Implementing a product mindset works similarly in that you first focus on a problem, then ensure you fully understand and can justify your reasoning before moving forward with a potential solution.

Some examples in practice include:

  • Proper scoping and discovery activities that define the current state before starting a programme of work
  • Artefacts that clearly illustrate why an activity needs to be done

Ruthless prioritisation

Address the riskiest assumptions first

Continuing the same metaphor, a patient may go see a doctor with several issues. The doctor will assess the patient and then do their best to determine which single issue is posing the greatest risk to their patient’s welfare. This will most likely be the first concern that they will focus on and address.

Fixing the most important thing first means the doctor still has a patient to continue working with - there’s little point addressing someone’s athlete’s foot if they’re bleeding to death.

One should make the biggest pains clear and prioritise what will be the most valuable and impactful to the customer, and do so ruthlessly. By doing this the overall risk is smaller and effort won’t be wasted treating the wrong things.

Some examples in practice include:

  • Prioritisation of programmes at the strategic level
  • An understanding of a given solution’s cost of delay
  • Ordered backlogs as opposed to jumbled messes where everything is top priority

Well-defined & measurable success

When you know what success looks like, you know when you’re done and what to do next

Product thinking provides a way to test and measure outcomes to ensure you return significant results, regardless of whether they are positive or negative.

Significance is the ultimate goal of a test. The worst situation that a doctor can be in is one where they run a test and the results are inconclusive. If the conditions of the test are not clear, variances have not been accounted for before starting, or the doctor is not sure what they are even testing for, any results that are returned are fairly useless to their ability to diagnose and treat their patient.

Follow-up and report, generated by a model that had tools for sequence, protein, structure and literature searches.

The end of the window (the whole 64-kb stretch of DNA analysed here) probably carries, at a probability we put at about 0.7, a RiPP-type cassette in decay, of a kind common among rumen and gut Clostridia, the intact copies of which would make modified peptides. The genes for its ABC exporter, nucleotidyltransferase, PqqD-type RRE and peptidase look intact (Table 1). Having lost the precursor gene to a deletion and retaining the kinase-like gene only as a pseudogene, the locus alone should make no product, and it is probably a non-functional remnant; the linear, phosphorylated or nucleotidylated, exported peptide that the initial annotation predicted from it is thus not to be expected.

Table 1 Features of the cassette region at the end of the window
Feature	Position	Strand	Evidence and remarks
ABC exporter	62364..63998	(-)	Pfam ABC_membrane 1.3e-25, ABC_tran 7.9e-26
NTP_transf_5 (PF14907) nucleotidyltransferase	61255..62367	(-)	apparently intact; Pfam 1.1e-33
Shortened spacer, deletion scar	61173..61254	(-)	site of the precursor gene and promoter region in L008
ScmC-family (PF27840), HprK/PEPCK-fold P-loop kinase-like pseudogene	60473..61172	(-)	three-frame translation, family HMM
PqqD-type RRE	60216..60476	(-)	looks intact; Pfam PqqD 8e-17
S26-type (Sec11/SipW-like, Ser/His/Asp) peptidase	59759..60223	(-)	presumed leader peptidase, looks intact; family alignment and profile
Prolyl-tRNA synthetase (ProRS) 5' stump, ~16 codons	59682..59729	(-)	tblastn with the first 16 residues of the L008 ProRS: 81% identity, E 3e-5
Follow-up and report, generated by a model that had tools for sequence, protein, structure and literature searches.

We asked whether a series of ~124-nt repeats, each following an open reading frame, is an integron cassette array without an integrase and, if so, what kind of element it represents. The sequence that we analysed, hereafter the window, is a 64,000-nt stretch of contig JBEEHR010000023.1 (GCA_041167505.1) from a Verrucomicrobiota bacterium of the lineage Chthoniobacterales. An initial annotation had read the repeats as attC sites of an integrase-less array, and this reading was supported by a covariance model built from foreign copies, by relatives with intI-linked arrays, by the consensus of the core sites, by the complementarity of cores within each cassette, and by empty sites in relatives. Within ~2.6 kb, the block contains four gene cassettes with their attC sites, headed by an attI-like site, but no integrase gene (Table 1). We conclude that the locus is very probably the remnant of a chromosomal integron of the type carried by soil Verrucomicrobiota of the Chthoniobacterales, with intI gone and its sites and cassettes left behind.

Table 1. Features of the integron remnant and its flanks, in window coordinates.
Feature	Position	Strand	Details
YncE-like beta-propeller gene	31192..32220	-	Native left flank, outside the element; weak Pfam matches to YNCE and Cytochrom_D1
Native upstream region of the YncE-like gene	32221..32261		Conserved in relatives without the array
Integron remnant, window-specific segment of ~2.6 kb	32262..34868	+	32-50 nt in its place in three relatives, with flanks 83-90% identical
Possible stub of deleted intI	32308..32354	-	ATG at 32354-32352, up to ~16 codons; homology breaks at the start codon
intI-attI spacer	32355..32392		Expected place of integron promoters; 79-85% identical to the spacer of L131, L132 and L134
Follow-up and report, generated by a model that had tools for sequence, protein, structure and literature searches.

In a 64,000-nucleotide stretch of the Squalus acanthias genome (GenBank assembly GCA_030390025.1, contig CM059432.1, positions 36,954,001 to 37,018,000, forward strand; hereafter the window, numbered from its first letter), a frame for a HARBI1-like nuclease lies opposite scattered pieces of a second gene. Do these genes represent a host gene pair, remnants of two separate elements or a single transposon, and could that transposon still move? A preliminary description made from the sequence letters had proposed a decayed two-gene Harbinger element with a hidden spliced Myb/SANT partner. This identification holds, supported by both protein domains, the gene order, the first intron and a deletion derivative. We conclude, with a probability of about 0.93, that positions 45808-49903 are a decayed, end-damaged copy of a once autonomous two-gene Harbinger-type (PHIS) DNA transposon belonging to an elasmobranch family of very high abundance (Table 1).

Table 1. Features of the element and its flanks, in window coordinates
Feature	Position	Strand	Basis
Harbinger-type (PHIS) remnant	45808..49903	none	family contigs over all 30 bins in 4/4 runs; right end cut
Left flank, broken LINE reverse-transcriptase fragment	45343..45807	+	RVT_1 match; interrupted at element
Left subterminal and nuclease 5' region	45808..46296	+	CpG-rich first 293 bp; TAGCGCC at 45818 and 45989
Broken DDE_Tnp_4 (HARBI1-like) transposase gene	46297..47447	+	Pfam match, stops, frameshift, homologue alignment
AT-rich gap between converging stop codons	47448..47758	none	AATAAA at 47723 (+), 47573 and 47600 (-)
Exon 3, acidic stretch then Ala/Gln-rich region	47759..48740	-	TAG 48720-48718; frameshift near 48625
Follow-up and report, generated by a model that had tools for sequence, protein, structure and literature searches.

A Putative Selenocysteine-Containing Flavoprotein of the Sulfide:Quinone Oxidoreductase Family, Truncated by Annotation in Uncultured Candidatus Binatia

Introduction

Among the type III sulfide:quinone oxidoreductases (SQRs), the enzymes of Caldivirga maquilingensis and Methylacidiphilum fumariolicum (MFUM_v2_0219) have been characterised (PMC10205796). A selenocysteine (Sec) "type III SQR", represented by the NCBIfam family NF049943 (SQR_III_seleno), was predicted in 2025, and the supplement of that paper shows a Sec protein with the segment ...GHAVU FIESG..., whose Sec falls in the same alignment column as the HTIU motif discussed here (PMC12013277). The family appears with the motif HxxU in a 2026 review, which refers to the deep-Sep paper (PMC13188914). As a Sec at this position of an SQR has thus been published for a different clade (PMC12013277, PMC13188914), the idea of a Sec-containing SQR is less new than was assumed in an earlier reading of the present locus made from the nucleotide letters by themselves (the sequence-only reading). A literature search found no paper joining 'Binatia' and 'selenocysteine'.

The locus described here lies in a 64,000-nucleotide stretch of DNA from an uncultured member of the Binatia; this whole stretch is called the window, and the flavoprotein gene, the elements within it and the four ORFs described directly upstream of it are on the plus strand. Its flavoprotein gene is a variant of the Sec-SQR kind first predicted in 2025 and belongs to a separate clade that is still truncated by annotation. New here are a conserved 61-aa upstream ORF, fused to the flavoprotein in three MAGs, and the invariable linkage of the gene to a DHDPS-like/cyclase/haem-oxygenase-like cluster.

Additionally, it’s important to reiterate that the success of the test is determined by ensuring that, regardless of the result, there is enough information to make informed decisions about what to do next.

Some examples in practice include:

  • Features/programmes containing a specific hypothesis about what measurable impact they will have
  • Mechanisms to measure and track metrics that will determine the success of hypotheses and determine if the outcome is valuable to the customer

Customer empathy

Shared ownership of empathy for users in the team means increased accountability and lighter individual loads.

Before your customer is a product, or a persona, or a user, or even a customer; they are a person. We in business often forget this, focusing more on codifying and extrapolating people to fit our business needs. The real value in product thinking comes from a readdressing of the balance of peoples’ needs and business needs by listening much more closely to the person speaking to us. Their lives, their situations, their wants, needs, desires, and fears.

Product thinking aids in building this empathy for users, and an emphasis should be placed on the importance of delivering value that is owned and understood by the entire team. This provides a sense of purpose and also an insight for the team into how their efforts directly impact the things they are producing; making for more commercially intelligent teams. The team should then feel more empowered to ask why they’re building what they are, and to invest in, and take ownership of, outcomes as opposed to outputs.